Eunotia metamonodon

Lange-Bert. 2011      Category: Eunotioid

REPORTED AS: Eunotia monodon (Siver and Hamilton 2011 p. 117, Pl. 68, Fig. 24) | Eunotia monodon (Patrick and Reimer 1966 p. 198, Pl. 11., Fig. 6) 

Eunotia macroglossa


Eunotia microcephala

LM scalebar = 10 µm = 20 pixels.


Contributor: David R.L. Burge | Mark Edlund - April 2015
Length Range: 26-246 µm
Width Range: 9.6–16.7 µm
Striae in 10 µm: 9–11 at center of the valve, 12–15 near the apices


Valves are arcuate. The ventral margin of the valve is concave, while the dorsal margin is convex and broadly arched about the center of the valve. Apices are broadly rounded, with a weak point at the termination. A slight constriction is present between the apices and the dorsal swelling of the main body. Helictoglossae are visible near the apices, at the dorsal margin. The raphe curves around the apices onto the ventral margin. Striae are interrupted the sternum near the ventral margin. The striae are variable in their spacing, from regularly spaced to irregularly spaced. Areolae are distinct and number 23–27 in 10 µm.

Originally, E. monodon was described based on syntypes from two separate locations in Mexico, Guadeloupe and San Miguel (Ehrenberg 1843). An iconolectotype of E. monodon was designated (Rumrich et al. 2000) based on the Guadeloupe illustration (Ehrenberg 1843 Tafel II, Fig. V: 7). In common usage, many authors have used the name “E. monodon” to refer to a taxon that was greater in length and width than the Guadeloupe iconolectotype (Lange-Bertalot 2011). Lange-Bertalot recognized the discrepancy between the Ehrenburg illustration and the commonly reported taxon. In order to correct the discrepancy, Lange-Bertalot described E. metamonodon, a taxon based on specimens from Germany. This taxon accommodates the concept of “E. monodon” as used by many authors including Patrick and Reimer (1966), Foged (1981), Siver et al. (2005), Siver and Hamilton (2011), and Reavie and Kireta (2015). The size difference between the Guadeloupe iconotype for E. monodon and E. metamonodon was again made explicit in a recent volume (Hoffman et al. 2013).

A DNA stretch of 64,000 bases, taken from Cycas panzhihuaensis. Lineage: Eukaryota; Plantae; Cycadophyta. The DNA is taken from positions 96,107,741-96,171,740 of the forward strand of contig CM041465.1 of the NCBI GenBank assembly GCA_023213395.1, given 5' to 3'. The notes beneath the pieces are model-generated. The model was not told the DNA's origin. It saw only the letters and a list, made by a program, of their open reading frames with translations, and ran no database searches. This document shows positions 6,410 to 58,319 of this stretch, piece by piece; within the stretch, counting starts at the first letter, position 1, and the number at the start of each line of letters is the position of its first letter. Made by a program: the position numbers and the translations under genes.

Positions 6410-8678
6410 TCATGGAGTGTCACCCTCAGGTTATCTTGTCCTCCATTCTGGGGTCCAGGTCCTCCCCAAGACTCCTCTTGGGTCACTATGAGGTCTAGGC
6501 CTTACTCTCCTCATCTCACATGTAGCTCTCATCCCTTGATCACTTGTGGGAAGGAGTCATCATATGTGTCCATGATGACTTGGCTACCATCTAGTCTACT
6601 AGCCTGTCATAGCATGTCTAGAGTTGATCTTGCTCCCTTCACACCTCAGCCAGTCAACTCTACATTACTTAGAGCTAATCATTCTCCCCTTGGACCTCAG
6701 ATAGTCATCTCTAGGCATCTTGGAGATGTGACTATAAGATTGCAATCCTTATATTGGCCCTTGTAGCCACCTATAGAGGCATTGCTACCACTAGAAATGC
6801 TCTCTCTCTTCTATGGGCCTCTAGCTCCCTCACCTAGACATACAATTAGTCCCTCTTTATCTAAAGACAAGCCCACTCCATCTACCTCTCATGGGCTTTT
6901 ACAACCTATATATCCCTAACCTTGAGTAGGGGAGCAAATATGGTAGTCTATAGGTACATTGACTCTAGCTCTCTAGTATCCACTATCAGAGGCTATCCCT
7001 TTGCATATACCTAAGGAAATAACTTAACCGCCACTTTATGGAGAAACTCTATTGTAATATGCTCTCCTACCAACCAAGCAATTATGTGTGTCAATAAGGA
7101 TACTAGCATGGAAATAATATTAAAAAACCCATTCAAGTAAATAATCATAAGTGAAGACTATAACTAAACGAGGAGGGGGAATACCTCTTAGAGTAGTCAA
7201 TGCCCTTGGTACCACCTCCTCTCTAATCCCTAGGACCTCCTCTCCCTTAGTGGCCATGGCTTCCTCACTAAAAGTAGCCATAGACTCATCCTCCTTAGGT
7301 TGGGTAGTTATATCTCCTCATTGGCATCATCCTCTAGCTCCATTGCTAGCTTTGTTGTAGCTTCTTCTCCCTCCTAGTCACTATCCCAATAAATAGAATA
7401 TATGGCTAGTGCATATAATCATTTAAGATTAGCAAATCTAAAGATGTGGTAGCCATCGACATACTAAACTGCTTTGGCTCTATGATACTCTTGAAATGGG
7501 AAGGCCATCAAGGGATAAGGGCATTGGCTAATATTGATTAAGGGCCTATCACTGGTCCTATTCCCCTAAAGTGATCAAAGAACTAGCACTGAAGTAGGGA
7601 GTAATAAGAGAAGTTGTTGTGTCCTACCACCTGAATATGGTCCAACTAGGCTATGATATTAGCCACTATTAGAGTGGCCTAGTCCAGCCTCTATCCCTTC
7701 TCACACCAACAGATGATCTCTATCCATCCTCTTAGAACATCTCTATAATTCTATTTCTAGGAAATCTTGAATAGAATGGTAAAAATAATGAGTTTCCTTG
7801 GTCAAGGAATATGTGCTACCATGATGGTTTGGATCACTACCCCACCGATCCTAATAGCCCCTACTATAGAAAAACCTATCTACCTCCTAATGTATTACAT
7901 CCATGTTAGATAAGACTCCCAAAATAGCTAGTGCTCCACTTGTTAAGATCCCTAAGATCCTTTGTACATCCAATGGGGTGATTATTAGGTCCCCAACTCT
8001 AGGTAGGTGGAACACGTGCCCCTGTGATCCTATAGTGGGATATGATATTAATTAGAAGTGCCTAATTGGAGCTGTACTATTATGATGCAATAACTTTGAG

Patrick and Reimer (1966) report narrow specimens (< 10 µm) of E. monodon. Their illustration (Pl. 11, Fig. 6) , however, conforms to the concept of E. metamonodon. Further investigation is needed to confirm whether E. monodon occurs in North America.

Original Description

Author: Lange-Bert. 2011
Length Range: 40-250 µm
Width Range: 10-15 µm
Striae in 10 µm: 7-11

Original Description

Differential diagnosis verus Eunotia monodon Ehrenberg (lectotype)

Valve outlines similar but dimensions differ considerably. Valve arched with parallel ventral and dorsal margins. Compared to medium-sized and longer specimens; smaller specimens have more convex dorsal and less concave ventral margins. Ends protracted subcapitate, broadly rounded. Length 40-250 µm, breadth 10-15 µm (not coinciding with the lectotypified iconotype in Ehrenberg 1843, p. 126, plate 2/5, fig. 7 from Guadeloupe which is ca. 33 µm long and 6.6 µm broad). Terminal nodules close to the poles, terminal raphe fissures in valve face very long, parallel to the pole extending to the dorsal margin. Striae 7-11 in 10 µm, sometimes unevenly spaced, becoming slightly denser near the ends, 10-11 in 10 µm. Areolae coarse, easy to discern in LM, commonly 22-24 in 10 µm. Spines at dorsal margin or at the poles were never detected in LM or SEM irrespective of the regional origin of the populations. SEM, external view see Figs: 217: 7-10; 218: 6, 7.

Original Images

Cite This Page: